Responsible Office: Institutional Compliance Office
Last Review: 04/01/2021
Next Review: 04/01/2024
Contact: Melanie Burlison, Privacy Officer
Related Policies: FI0160 – HIPAA Re-designation and General Policy
To establish guidelines and provide guidance to UTHCS workforce members by setting forth the basic requirements for protecting the confidentiality of medical information as required by the Privacy Rule.
The federal Health Insurance Portability and Accountability Act of 1996 established through its Administrative Simplification regulations to assure privacy for individuals receiving health care services in the United States. The Privacy Rule, as it may also be called, establishes a national standard for the minimum level of protection for medical information. The intent of the statute and the regulatory rule is to expand consumer control over their medical information.
The Privacy Rule introduces the term “Protected Health Information”, or “PHI”. PHI covers information relating to an individual’s health, the care received and/or payment for services, including demographic data. It includes all information in any media related to the individual’s health care that can be individually identified as belonging to a particular person.
The basic tenet of the Privacy Rule is that providers may use and disclose PHI without the individual’s authorization only for treatment, payment, and health care operations, as well as certain public interest related purposes such as public health reporting. Other uses and disclosures of PHI generally require the written authorization of the individual.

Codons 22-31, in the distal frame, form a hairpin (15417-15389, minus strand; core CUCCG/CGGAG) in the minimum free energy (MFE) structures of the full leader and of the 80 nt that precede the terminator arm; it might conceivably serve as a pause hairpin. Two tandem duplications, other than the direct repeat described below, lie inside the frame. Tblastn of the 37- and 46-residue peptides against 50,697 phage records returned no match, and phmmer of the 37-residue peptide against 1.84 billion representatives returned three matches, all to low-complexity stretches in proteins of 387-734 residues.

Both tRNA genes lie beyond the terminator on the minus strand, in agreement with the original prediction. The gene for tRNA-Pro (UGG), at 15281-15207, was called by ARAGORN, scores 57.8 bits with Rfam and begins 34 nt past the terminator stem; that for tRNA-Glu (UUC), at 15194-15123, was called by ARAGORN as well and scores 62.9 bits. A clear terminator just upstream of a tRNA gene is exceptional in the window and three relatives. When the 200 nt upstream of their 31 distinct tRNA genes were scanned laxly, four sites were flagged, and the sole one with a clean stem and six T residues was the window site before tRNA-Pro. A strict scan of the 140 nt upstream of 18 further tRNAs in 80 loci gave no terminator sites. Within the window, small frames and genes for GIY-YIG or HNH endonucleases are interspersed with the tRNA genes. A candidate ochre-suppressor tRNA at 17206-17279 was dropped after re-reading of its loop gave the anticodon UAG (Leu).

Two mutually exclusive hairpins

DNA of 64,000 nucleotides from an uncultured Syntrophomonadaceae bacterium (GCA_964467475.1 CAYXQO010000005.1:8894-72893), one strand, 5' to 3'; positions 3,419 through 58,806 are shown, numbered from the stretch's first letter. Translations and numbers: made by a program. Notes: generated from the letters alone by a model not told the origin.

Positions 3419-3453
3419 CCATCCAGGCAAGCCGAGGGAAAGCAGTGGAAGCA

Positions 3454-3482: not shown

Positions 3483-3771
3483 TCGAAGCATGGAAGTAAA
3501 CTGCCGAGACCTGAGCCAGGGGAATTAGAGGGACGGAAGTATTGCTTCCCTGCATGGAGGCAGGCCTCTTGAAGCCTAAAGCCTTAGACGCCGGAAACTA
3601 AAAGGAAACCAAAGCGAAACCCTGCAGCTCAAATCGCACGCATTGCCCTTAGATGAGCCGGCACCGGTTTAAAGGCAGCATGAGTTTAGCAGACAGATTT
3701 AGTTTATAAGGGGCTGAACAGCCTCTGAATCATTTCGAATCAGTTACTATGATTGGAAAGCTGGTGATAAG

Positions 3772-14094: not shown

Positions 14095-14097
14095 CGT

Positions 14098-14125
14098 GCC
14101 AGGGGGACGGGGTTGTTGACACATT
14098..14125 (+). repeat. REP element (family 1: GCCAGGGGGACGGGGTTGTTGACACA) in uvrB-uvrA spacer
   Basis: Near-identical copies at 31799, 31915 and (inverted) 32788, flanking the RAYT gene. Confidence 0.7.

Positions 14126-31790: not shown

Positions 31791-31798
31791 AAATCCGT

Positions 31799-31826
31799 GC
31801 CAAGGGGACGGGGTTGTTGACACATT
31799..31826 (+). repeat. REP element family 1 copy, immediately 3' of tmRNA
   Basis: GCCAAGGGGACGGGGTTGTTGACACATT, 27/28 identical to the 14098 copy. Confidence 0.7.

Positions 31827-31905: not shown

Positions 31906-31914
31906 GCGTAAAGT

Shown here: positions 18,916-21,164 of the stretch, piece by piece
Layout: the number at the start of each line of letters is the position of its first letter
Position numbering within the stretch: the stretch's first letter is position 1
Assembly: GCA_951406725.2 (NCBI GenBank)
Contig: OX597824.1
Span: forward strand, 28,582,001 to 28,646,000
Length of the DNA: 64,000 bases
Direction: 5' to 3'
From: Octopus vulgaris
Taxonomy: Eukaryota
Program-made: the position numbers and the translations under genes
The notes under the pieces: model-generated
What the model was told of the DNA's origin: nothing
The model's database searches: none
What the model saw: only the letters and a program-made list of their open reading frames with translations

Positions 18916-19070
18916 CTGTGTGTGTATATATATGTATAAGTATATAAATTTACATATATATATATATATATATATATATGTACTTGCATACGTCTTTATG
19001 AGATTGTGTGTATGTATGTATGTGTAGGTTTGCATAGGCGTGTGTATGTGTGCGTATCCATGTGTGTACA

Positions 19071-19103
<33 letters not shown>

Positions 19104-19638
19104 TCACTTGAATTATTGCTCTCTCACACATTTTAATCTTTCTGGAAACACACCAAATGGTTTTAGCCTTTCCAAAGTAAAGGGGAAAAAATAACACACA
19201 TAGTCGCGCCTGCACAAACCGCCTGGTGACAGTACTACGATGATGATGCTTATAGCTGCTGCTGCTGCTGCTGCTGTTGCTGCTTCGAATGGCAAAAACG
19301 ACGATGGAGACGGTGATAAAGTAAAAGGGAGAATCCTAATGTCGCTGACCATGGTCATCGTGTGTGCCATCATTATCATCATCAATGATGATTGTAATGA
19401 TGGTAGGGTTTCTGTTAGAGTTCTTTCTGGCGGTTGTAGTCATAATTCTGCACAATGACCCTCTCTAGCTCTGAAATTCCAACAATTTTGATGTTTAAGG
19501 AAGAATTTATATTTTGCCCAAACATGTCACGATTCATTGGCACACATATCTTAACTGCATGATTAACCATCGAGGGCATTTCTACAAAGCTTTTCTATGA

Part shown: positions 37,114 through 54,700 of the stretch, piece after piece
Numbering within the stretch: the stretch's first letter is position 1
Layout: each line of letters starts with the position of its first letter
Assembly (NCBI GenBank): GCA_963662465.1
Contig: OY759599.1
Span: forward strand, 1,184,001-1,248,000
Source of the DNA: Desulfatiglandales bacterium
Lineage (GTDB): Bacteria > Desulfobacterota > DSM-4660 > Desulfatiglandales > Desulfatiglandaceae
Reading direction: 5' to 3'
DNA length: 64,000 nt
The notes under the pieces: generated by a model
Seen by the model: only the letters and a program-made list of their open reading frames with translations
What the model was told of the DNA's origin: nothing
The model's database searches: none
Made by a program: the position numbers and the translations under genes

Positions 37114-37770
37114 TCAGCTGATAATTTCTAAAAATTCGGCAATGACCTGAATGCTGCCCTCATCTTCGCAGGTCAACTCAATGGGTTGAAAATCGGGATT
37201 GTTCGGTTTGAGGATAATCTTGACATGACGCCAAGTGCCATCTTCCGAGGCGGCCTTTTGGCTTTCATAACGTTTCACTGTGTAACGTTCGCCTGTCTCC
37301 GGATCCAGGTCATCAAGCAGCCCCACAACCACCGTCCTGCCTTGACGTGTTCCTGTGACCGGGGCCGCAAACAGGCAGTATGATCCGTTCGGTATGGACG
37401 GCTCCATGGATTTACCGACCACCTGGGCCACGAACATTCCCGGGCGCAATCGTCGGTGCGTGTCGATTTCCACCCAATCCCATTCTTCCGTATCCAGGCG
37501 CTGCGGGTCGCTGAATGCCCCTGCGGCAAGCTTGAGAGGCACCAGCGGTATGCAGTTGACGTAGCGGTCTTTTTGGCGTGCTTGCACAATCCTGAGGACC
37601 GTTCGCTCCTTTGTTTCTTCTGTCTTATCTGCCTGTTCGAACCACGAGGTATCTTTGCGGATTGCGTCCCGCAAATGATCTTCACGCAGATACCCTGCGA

The Privacy Rule also introduces the concept of “minimum necessary”. This requirement mandates that when using or disclosing PHI, or when requesting PHI from external providers or entities, providers will make reasonable efforts to limit PHI to the minimum necessary to accomplish the intended purpose. The Privacy Rule does recognize that providers may need to use all an individual’s health information in the provision of patient care. However, access to PHI by the workforce must be limited based on job scope and the need for the information.
UTHSC strives to maintain the highest level of confidentiality of all patient health information. All patient information is strictly confidential and can be shared only with those who have a “need to know” according to their job duties and responsibilities.
- Confidential Patient Health Information – verbal, written, pictorial images, or electronic information that includes information generated by UTHSC or information received from other health care providers, that identifies the individual patient, includes medical, diagnostic, treatment, and prognosis information on the patient, including data related to research studies.
- Workforce Members – include all UTHSC employees, faculty, staff, students, residents, and volunteers.
- Data Collection